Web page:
Defeat of the Chandrababu Naidu-led Telugu Desam Party (TDP) in the last Assembly elections has opened up space for the Bharatiya Janata party (BJP) in Andhra Pradesh, but the saffron party does not seem to have made much progress so far.
Like in other southern states where the regional political culture had taken deep roots, Andhra Pradesh continues to remain immune to the influence of the national parties such as the BJP.
While the TDP has become weak and vulnerable in the face of vendetta politics being pursued by the Jagan Mohan Reddy government, the BJP has not been able to step into the immediate political vacuum.
Historically, BJP had been at a disadvantage in the combined Andhra Pradesh as TDP had emerged as the alternative to the ruling Congress in the early 80s. The Congress’ demise in the aftermath of bifurcation led to the rise of another regional outfit, YSR Congress Party in the state.
Since its inception in 1980, BJP had been an outlier in Andhra Pradesh, relying on the alliance with TDP to make its presence felt. But after TDP’s fall at the recent polls, BJP’s hopes of making its much-delayed foray in Andhra Pradesh received a boost, especially in the afterglow of Narendra Modi’s second innings.
Indeed, a dazed TDP is still recovering from the total rout meted out to the party in the April elections. To add to its woes, the chief minister has been on an overdrive to further demoralise the opposition party by continually harping on Naidu’s alleged acts of omission and commission. The government has ordered probe into key policy decisions of the previous regime, alleging irregularities and corruption. This has led to widespread perception that Jagan is keen on pursuing vindictive politics rather than developing the state reeling under the bifurcation blues.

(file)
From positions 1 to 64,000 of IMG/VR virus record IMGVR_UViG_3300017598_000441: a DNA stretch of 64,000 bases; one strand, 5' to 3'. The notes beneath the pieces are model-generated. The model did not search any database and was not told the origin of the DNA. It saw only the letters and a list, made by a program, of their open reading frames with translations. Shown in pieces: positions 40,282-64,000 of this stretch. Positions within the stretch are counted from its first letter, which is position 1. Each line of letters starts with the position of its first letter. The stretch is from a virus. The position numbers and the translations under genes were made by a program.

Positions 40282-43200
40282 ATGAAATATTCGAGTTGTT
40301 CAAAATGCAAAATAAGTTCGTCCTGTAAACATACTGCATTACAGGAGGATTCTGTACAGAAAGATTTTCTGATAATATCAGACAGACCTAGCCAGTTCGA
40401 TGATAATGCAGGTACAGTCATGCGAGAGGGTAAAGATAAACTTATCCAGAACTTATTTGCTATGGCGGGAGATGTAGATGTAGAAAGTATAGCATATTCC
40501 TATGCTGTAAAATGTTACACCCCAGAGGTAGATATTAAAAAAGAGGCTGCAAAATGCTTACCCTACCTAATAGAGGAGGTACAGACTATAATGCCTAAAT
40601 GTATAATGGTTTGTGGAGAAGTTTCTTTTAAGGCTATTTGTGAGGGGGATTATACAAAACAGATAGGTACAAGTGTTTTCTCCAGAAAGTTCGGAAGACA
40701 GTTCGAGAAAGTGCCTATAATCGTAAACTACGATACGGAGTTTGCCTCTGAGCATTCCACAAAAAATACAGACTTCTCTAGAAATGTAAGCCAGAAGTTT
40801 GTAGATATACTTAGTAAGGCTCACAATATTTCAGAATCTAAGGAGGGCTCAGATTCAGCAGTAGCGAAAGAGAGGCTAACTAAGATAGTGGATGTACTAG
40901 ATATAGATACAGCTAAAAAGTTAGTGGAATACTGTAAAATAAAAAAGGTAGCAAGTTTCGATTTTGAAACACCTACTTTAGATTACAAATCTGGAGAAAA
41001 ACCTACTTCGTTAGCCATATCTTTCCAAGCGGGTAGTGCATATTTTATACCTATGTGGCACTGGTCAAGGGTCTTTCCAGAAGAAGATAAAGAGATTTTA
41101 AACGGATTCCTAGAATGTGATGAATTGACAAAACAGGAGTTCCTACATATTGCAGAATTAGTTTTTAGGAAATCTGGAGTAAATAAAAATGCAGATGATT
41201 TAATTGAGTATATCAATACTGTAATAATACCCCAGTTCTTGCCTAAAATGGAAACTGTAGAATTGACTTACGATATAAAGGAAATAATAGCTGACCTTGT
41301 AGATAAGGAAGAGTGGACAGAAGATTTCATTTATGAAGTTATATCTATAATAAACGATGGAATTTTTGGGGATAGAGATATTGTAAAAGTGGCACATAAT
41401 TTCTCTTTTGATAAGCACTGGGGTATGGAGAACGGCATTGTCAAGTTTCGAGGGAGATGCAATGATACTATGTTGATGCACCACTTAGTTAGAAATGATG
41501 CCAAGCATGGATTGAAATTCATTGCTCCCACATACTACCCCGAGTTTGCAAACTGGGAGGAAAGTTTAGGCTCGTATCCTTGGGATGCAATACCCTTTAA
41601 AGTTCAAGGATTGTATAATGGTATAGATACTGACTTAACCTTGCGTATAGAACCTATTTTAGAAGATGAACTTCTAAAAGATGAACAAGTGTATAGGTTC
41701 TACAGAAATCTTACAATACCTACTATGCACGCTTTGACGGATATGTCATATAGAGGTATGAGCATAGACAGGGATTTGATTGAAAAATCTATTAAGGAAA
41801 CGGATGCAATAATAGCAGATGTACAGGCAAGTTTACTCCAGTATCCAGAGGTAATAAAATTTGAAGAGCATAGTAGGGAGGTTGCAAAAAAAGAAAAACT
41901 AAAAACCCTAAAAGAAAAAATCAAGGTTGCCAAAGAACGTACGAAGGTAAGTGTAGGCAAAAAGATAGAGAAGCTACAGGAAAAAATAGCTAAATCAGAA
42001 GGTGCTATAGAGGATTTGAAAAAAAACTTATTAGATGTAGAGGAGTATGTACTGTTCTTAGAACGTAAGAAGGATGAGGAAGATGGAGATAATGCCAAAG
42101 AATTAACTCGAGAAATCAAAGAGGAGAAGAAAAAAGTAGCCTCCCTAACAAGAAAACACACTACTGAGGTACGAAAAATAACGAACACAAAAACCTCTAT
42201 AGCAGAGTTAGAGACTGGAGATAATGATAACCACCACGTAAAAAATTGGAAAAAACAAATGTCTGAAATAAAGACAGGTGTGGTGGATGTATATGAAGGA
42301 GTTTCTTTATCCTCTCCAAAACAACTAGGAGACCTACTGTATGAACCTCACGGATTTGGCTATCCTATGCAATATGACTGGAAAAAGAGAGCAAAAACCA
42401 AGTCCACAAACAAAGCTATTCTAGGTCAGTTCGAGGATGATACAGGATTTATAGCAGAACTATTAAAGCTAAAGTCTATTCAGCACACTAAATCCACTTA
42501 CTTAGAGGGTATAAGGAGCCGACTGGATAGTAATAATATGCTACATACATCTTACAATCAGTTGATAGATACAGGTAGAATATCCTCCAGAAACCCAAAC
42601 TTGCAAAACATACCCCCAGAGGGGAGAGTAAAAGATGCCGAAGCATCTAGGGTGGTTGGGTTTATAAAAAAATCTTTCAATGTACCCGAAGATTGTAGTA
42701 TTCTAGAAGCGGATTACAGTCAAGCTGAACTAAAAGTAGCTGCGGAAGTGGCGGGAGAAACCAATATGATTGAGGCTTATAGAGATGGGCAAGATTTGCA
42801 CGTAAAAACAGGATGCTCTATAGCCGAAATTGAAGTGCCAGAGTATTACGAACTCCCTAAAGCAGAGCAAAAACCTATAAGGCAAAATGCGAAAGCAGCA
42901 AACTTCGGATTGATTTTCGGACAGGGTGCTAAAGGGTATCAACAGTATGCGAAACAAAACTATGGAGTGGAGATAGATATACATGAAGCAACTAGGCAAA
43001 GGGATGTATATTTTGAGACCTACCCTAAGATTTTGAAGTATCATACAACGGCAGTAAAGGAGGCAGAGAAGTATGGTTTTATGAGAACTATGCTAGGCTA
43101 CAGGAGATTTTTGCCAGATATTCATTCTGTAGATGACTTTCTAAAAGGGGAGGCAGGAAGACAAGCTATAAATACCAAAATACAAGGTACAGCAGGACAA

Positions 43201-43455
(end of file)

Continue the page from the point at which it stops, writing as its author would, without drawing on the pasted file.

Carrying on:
The ruling YSRCP has been going after TDP leaders by foisting a case after police case and sending them to jail. Several former ministers and former MLAs have been alleging political persecution. The SC and ST Atrocities Act, the TDP says, is being liberally invoked to crush the opposition morale.
The senior TDP leader and former assembly speaker K Sivaprasada Rao, known as a tough politician, taking his own life in September last in the aftermath of relentless harassment by the ruling party has sent shock waves across the political spectrum. A sense of desperation enveloped the opposition party.
Migration to BJP
It is in this backdrop that several TDP leaders considered moving base to BJP, largely to escape the Jagan party’s alleged persecution. Days after the humiliating defeat, four of TDP’s six Rajya Sabha MPs – Y Sujana Chowdhury, TG Venkatesh, CM Ramesh and Garikapati Rammohan Rao – quit and joined the BJP.
At the time, BJP spokesperson Vishnuvardhan Reddy claimed that before Naidu returned from his foreign tour, the political scene in Andhra Pradesh would dramatically change, meaning that TDP leaders would queue up to join BJP.
Since then, a few leaders like former ministers Adinarayana Reddy, Vakati Narayana Reddy and Sanakkayala Aruna and some former MLAs joined the BJP. In Telangana too, former MLAs E Peddi Reddy, R Prakash Reddy and M Narasimhulu defected to the BJP.
However, the expected influx from the TDP into BJP did not happen.